Monday, May 23, 2016
Mr. Penumbra's 24-Hour Bookstore
Info: Farrar, Straus, and Giroux, copyright 2016, 288 pages
The Great Recession has shuffled Clay Jannon away from life as a San Francisco web-design drone and into the aisles of Mr. Penumbra’s 24-Hour Bookstore. But after a few days on the job, Clay discovers that the store is more curious than either its name or its gnomic owner might suggest. The bookstore’s secrets extend far beyond its walls.
I was in need of a new audiobook, so I decided to visit my ever-growing to-be read list on Goodreads for some suggestions. Highly recommended by my boss, I sampled Robin Sloan's Mr. Penumbra's 24-Hour Bookstore, liked the reader, and decided to give it a whirl. I'm not sure I LOVED it as much as she did, but it was definitely a thoroughly enjoyable read.
Clay Jannon has a tech background, web design to be exact, and finding himself unemployed, he wanders into Mr. Penumbra's 24-Hour Bookstore. The customers are scarce, and his employer is eccentric to put it mildly, but there is something about the small space filled floor to ceiling with books that intrigues young Clay. And then he discovers that Mr. Penumbra's bookstore isn't quite what it seems. Coded messages in books. A secret society. And the clash between the digital age, the power of google, and the importance of the written word hold high stakes for the little bookstore.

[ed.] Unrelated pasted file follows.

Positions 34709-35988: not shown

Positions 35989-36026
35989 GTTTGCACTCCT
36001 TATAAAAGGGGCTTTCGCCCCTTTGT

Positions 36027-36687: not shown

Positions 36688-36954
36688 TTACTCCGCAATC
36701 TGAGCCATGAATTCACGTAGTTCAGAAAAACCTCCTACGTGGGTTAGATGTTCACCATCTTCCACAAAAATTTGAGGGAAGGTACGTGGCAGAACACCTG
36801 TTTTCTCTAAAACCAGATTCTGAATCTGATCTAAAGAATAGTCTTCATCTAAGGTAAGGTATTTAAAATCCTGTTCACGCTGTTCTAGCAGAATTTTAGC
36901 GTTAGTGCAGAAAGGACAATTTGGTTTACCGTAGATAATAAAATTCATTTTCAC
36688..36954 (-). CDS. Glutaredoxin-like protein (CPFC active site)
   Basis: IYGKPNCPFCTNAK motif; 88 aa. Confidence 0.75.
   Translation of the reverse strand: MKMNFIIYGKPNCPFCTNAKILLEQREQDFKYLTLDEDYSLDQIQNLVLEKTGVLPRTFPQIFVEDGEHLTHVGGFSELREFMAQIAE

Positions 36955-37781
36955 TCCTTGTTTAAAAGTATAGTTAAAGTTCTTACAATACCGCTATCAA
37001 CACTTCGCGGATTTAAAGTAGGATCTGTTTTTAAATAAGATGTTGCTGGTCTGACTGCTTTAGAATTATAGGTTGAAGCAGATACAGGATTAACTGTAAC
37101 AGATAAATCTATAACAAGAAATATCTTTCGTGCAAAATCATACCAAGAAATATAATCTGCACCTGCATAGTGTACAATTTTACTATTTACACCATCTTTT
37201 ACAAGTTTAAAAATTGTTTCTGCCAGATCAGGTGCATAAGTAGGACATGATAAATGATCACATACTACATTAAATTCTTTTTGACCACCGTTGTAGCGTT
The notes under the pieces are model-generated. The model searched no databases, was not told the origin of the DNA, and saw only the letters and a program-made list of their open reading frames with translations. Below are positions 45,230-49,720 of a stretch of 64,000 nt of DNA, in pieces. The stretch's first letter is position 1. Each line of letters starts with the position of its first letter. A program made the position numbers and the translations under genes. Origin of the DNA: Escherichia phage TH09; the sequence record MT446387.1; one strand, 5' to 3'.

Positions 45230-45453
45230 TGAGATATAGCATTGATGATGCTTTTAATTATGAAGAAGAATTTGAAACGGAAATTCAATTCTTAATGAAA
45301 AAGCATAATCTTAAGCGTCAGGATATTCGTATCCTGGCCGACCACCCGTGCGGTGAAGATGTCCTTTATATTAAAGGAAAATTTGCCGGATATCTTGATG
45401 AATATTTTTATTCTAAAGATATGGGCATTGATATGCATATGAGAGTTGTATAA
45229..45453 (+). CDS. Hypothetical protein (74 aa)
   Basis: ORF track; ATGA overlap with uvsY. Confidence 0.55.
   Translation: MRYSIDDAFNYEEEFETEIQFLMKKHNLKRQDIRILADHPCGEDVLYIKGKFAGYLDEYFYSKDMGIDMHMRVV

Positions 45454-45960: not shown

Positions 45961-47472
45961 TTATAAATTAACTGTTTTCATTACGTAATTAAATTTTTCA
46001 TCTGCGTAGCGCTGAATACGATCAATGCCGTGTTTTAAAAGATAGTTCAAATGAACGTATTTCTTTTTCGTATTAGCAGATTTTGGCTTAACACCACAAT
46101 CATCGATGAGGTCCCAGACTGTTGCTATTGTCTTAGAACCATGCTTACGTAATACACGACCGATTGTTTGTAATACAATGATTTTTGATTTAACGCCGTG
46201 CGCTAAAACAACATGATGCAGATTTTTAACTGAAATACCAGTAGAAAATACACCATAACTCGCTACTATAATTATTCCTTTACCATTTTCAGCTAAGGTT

This book felt familiar. You should read it. And that's my review :)
But seriously, it really did feel familiar. Not that the story was a formulaic retelling of something I had read before. And not that the characters seemed like stock individuals you see in any book. It was familiar in the good way...that feeling you get when you discover a story that seems to fit you, your reading tastes, your humor. It was a little bit of Ready Player One, a little bit of The Da Vinci Code, and maybe a little bit of some heroic fantasy novel with a hero, a wise counselor, and a mage.
Both Clay and Penumbra are likable characters. Clay could be any guy you meet on the street. He's smart but not too smart. He's curious but lacks a bit of common sense which makes him endearing. And Penumbra reminded me of a grandpa. Soft spoken and supportive. A grandpa that would go around talking about "the youths" and all that they get up too. There wasn't a lot of character development. The characters weren't really the main focus of the story, but the lacking didn't hurt the story either. It was fast paced and interesting, keeping you in it until the last page. Mr. Penumbra's 24-Hour Bookstore is an adventure novel and sort of a love letter to both getting immersed in books (the seeking of knowledge) and the power at our fingertips with each computer stroke. It never came off as a cautionary tale about the evils of technology. Thank goodness.
The narrator is fantastic. The book is fun. And the world could definitely use a 24-hour bookstore run by a sweet, curious, mysterious old man.